One prominent theory among the papal accusers is that Pope Francis was never the valid Roman Pontiff. The reason given is that Benedict’s resignation was invalid, making him still the Pope. This would then imply that any subsequent election would be invalid, and therefore could only elect an antipope. This article examines and refutes this claim as contrary to dogma and contrary to dogmatic fact. In particular, I’m replying to the video claims of Brian Murphy at God’s Plan For Life website.
Claim: Benedict resigned the ministry but not the office of the papacy. Similar claims use different wording, but to the same result, as if Pope Benedict XVI only partially resigned.
Claim: At no point does Pope Benedict XVI actually state the he resigned the papal “office” (“munus”). He only states that he renounces the ministry. “What you do not renounce, you still keep.” [Brian Murphy] Murphy then cites Canon Law:
Canon 332 n. 2: “If it happens that the Roman Pontiff resigns his office, it is required for validity that the resignation is made freely and properly manifested but not that it is accepted by anyone.”
So this claim is based on an erroneous distinction between the ministry of the Roman Pontiff and the office of the Roman Pontiff. No such distinction exists in magisterial teaching. The office of the Roman Pontiff is divided into his authority over doctrine and discipline, such that he has a teaching authority (Magisterium) and a temporal authority (discipline, prudential judgment, etc.). But the Church does not teach a distinction between ministry and office. The ministry of the Pope is his office. It is merely a different wording. Therefore, Benedict did resign the office of Roman Pontiff.
Another error here is in assuming that the Pope must not only resign his office, but must do so by using the particular word “office”. To the contrary, Canon law does not require a particular wording, the only requirement is that he resigns freely and manifests this to the Church. Sacraments require a particular wording, but no such requirement has ever been taught by the Magisterium for a resignation.
Proof that Pope Benedict XVI did resign the entire office of Roman Pontiff is found in the resignation itself. Here is the text of his public announcement of his resignation. First, Benedict gives his reasons:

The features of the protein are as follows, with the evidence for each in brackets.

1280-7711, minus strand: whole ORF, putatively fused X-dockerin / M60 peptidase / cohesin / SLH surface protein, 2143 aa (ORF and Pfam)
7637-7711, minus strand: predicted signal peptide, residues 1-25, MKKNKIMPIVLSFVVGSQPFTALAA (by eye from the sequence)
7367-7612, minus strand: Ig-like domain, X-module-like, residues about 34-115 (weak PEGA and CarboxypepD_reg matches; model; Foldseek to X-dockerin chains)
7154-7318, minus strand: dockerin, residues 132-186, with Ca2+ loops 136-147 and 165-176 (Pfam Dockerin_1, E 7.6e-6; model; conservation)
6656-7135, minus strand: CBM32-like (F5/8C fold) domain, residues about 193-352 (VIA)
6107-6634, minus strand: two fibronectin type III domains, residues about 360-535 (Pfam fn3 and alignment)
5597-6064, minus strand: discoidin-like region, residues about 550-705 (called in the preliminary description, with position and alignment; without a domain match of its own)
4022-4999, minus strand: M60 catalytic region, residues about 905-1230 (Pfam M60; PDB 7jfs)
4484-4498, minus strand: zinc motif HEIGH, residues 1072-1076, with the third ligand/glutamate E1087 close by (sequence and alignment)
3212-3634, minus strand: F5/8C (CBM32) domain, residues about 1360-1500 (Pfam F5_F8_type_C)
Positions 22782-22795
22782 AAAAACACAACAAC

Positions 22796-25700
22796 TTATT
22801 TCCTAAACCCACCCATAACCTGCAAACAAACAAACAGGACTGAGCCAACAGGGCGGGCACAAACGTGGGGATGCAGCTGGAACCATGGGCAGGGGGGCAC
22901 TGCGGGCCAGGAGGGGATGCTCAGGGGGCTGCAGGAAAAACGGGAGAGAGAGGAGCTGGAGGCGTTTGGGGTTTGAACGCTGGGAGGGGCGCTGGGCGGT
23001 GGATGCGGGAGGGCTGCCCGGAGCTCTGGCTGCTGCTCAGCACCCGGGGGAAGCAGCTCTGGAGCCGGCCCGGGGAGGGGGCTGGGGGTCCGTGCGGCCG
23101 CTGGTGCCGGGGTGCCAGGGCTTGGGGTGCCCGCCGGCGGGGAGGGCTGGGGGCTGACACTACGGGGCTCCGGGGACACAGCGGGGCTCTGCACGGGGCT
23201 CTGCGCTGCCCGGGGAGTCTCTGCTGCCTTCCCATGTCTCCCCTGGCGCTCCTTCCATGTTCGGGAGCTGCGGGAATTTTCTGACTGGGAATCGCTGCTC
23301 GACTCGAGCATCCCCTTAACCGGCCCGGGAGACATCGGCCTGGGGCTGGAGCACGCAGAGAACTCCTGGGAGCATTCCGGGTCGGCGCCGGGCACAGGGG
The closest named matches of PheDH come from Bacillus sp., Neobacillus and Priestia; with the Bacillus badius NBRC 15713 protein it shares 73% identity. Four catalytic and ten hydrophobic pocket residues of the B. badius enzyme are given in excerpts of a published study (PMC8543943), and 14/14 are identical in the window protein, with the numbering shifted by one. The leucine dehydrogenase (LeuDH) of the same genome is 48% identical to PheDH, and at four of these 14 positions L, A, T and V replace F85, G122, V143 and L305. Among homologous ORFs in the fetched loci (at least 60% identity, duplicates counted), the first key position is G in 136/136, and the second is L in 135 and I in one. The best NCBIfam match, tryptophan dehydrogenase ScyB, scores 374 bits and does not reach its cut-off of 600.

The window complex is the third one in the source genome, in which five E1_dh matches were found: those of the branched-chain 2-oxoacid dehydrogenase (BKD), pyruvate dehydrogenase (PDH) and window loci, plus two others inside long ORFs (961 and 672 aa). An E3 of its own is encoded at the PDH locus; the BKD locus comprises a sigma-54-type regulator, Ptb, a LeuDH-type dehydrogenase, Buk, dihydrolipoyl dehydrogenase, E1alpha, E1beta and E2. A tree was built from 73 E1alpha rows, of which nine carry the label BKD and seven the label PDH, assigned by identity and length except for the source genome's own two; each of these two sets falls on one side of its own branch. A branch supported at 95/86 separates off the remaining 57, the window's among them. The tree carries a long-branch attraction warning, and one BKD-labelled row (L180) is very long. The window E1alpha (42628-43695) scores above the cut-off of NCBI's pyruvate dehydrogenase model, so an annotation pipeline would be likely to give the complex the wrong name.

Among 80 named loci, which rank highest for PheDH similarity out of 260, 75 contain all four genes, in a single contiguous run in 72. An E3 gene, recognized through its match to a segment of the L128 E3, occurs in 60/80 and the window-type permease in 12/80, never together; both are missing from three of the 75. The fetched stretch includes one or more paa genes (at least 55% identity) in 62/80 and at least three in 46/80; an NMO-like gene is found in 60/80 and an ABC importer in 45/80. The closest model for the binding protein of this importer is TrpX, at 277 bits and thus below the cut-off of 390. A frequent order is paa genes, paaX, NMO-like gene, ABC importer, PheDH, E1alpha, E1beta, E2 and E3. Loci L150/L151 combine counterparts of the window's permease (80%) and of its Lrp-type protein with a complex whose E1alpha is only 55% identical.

“I have come to the certainty that my strengths, due to an advanced age, are no longer suited to an adequate exercise of the Petrine ministry. I am well aware that this ministry, due to its essential spiritual nature, must be carried out not only with words and deeds, but no less with prayer and suffering. However, in today’s world, subject to so many rapid changes and shaken by questions of deep relevance for the life of faith, in order to govern the barque of Saint Peter and proclaim the Gospel, both strength of mind and body are necessary, strength which in the last few months, has deteriorated in me to the extent that I have had to recognize my incapacity to adequately fulfill the ministry entrusted to me.”
His reason for resigning is that he is unable, due to advanced age, to carry out the role. He states that he lacks “both strength of mind and body” and so he therefore lacks the capacity “to adequately fulfill the ministry.” How then would he have the strength of mind and body to fulfill the “office”, if the false dichotomy of office and ministry were true? His reason for resigning clearly applies to the whole of the office, ministry, role or whatever other terms might be used, of the Roman Chair of Peter.
Benedict then makes his resignation official with the following words:
“For this reason, and well aware of the seriousness of this act, with full freedom I declare that I renounce the ministry of Bishop of Rome, Successor of Saint Peter, entrusted to me by the Cardinals on 19 April 2005, in such a way, that as from 28 February 2013, at 20:00 hours, the See of Rome, the See of Saint Peter, will be vacant and a Conclave to elect the new Supreme Pontiff will have to be convoked by those whose competence it is.”
Though he uses the term “ministry” instead of “office”, he states that he is resigning as “Bishop of Rome” and as “Successor of Peter”. These terms encompass the entire office of the Roman Pontiff. The use of the term ministry along with those phrases in no way limits his resignation to be only partial.